SocGen Joins The Party, Raises Stock Portfolio Allocation On “Equity Tailwinds”

On Monday we noted that Credit Suisse had upped its targets on the S&P (both mid-year and year-end) and on the Euro Stoxx 50, the FTSE 100 and Nikkei 225 (year-end).

Specifically, this is what the bank had to say:

Following the reaching of our mid-year S&P 500 target, we raise both our mid-year and year-end S&P targets to 2,400 and 2,500, respectively (from 2,350 and 2,300). We continue to see a clear-cut risk – as highlighted in our piece, Surprises for 2017, 20 January – that we get an overshoot to the upside in equities that then reverses later on; more realistically, this reversal is likely to be a very late-2017 or 2018 event. We leave our mid-year targets on the Euro Stoxx 50 and the Nikkei 225 in place at 3,500 and 20,500, respectively, but on the back of the change to our S&P 500 target, we also increase our year-end targets for the Euro Stoxx 50, the FTSE 100 and Nikkei 225 up to 3,700, 7,500 and 21,000, respectively (from 3,450, 7,000 and 19,800). We also revise our FTSE 100 mid-year target to 7,400 from 7,100.

CS

Well on Tuesday, SocGen is out getting a bit more bullish on stocks thanks to what can only be described as an exceedingly benign take on the outlook for the reflation narrative.

Put simply: the bank seems to think everything is going to go right and you know, when that’s your baseline, it’s kind of hard to argue with a bullish outlook for risk assets. [Of course that’s no our baseline, but whatever.]

It’s a long note, but something tells us you don’t really care to read too far into it, so we’re going to simplify things this morning and just hit you with the high points. To wit…

Via SocGen

Overall stance

Clearly improving global growth and inflation momentum in the coming quarters, more impetus for necessary infrastructure spending, the Federal Reserve and other G10 central banks moving away from super loose monetary policies, no hard landing in China this year, a continuation of a strong M&A cycle, and a scaling back of (at least) US regulations (energy, healthcare, finance) all favour a further reallocation from bonds into equities and other growth-related assets, like commodities and some assets in emerging countries.

We thus continue to raise our equity weighting (+5pp to 63%) and further decrease our fixed income weighting (-5pp to 24%). We still recommend strong exposure to commodities (7% of the total allocation), adding again to our euro exposure (+1pp to 46%) and starting to decrease our exposure to the US dollar from a strong base (-7pp to 41%). By doing so, we increase the value (or cheap) content of the allocation, as protection and volatility control. We keep the cash position unchanged at 6%, but we double our EM currency exposure (+6pp to 13%).

AllocationSoCG

Bond exposure reduced again

The rebalancing from monetary policy in developed countries is clearly a negative event for a bond market heavily supported for years by extensive quantitative easing programmes (read: bond buying) and tight fiscal policies that reduced supply. We thus expect a less bond supportive supply/demand equilibrium from now on. After a further reduction of sovereign bond exposure (-3pp to 11%), we now have a balanced allocation with corporate bonds (10%).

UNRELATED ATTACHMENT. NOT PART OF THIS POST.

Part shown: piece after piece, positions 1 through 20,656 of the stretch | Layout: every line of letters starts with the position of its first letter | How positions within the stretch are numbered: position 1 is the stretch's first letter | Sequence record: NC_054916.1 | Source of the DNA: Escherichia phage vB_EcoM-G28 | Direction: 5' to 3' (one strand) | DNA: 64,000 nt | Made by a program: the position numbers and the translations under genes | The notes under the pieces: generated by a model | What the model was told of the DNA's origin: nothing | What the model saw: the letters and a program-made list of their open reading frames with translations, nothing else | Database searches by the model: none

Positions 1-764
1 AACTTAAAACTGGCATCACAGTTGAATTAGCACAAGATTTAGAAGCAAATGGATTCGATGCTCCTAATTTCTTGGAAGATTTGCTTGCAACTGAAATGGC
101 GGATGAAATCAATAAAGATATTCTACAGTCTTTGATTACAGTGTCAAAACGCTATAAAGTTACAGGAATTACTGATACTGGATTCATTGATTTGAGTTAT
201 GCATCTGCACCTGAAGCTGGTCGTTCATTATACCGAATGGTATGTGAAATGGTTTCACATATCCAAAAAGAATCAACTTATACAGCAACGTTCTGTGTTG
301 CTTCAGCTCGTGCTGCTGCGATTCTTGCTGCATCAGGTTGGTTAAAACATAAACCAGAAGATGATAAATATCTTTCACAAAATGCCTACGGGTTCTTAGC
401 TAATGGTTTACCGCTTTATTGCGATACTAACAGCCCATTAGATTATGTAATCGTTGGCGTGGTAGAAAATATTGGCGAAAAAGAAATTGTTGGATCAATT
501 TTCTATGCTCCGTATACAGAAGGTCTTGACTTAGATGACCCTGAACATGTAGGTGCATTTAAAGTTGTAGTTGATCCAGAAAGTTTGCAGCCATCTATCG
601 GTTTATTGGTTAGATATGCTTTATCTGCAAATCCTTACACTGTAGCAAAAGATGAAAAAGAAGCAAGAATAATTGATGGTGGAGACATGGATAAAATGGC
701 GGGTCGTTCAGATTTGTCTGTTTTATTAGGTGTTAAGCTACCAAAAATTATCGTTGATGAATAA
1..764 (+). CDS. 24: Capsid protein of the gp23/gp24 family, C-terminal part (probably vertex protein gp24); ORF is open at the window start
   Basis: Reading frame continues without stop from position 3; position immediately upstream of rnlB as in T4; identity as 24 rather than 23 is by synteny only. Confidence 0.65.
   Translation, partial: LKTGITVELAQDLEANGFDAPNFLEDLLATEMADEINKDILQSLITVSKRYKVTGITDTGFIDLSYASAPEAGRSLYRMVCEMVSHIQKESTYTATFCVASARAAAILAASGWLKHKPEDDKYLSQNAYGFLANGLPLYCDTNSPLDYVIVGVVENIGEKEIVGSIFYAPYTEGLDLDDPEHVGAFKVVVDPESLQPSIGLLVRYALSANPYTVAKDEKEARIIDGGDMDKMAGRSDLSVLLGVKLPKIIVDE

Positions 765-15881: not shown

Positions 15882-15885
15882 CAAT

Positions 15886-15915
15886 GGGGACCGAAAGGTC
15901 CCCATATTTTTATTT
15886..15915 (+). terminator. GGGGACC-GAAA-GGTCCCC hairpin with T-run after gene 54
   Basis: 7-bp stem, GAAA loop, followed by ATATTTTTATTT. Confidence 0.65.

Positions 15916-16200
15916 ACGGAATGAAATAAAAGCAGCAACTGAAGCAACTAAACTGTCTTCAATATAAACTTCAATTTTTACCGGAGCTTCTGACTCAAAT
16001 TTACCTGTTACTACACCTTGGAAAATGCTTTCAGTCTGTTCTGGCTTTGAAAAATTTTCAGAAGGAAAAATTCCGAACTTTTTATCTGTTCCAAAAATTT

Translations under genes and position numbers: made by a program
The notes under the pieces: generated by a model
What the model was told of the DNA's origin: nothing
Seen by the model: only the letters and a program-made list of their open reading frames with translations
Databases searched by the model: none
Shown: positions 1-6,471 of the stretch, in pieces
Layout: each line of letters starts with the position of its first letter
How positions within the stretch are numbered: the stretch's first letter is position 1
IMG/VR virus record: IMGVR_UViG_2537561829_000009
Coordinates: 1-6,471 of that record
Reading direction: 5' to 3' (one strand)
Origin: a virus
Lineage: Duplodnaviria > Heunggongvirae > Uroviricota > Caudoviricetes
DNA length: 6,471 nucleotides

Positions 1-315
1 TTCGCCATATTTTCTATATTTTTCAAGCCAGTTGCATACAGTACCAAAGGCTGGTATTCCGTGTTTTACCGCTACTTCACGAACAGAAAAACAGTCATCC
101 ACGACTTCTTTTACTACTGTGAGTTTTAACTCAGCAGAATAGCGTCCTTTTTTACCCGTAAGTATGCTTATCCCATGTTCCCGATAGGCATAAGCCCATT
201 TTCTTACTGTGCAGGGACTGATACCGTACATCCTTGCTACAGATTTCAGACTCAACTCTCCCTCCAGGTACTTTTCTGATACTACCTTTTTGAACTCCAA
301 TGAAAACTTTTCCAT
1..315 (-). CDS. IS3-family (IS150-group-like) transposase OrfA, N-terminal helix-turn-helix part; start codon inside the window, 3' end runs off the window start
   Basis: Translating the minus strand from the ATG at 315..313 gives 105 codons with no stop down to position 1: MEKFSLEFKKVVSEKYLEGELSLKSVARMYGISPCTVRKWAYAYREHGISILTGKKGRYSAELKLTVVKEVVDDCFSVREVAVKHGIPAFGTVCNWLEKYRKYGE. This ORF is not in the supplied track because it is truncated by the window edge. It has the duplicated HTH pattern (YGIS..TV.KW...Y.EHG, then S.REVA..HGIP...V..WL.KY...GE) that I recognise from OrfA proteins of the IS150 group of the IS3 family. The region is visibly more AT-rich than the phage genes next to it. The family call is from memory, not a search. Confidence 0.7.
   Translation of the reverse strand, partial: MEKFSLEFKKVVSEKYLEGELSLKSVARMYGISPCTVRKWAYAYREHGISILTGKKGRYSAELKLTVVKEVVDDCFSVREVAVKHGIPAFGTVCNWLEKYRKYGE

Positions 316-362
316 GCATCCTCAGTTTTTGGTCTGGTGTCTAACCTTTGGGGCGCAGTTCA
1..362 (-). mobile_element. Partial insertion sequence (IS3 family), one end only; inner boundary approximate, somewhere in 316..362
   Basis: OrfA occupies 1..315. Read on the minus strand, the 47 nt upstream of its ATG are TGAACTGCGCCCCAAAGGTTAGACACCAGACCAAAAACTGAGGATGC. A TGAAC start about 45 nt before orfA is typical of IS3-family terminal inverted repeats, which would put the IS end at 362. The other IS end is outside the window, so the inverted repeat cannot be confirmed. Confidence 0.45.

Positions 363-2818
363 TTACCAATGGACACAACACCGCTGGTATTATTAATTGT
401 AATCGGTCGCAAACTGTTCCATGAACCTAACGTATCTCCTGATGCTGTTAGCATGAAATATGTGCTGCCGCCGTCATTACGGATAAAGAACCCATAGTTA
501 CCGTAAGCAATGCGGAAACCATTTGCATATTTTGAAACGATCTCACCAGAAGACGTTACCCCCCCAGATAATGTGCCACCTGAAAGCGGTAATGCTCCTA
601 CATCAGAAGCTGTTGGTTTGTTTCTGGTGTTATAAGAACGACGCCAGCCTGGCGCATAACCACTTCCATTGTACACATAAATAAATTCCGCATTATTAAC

Accelerating growth and inflation outlooks might also bring down fair valuations, strongly influenced by nominal GDP growth over the longer period of time. We don’t even find US Treasuries attractive (our target is 3% by year-end for the 10y benchmark yield), as the cost of hedging the US dollar is very high, eating into the carry for those who don’t want to hold currency risk. We remain overweight on inflation-linked bonds to hedge against rising inflation fears, with 3% exposure.

Equities have tailwinds

Accelerating nominal GDP growth should help boost the corporate earnings cycle and end the drag coming from the earnings recession we have been experiencing for the past few years. If equities clearly dislike rising bond yields, however, the change in the macro environment would also make the little “g” (long-term earnings) increase faster in the coming years, more than offsetting the former element.

Within corporate assets, M&A dynamics should also continue to force the reallocation from corporate bonds into equities.

Although certainly not cheap, US equities maintain a backing from new US economic policy, given the agenda to boost growth (corporate tax cuts, infrastructure spending, tax rebates for offshore cash repatriation) and scale back of regulations in key sectors.

Japanese equities (8% of our MAP) offer good leverage to the late normalisation of monetary policy there (risks on the yen remain, so we fully hedge the position), and euro area equities might benefit from cyclical improvements in the region, while the risks of extreme populism remain constrained.

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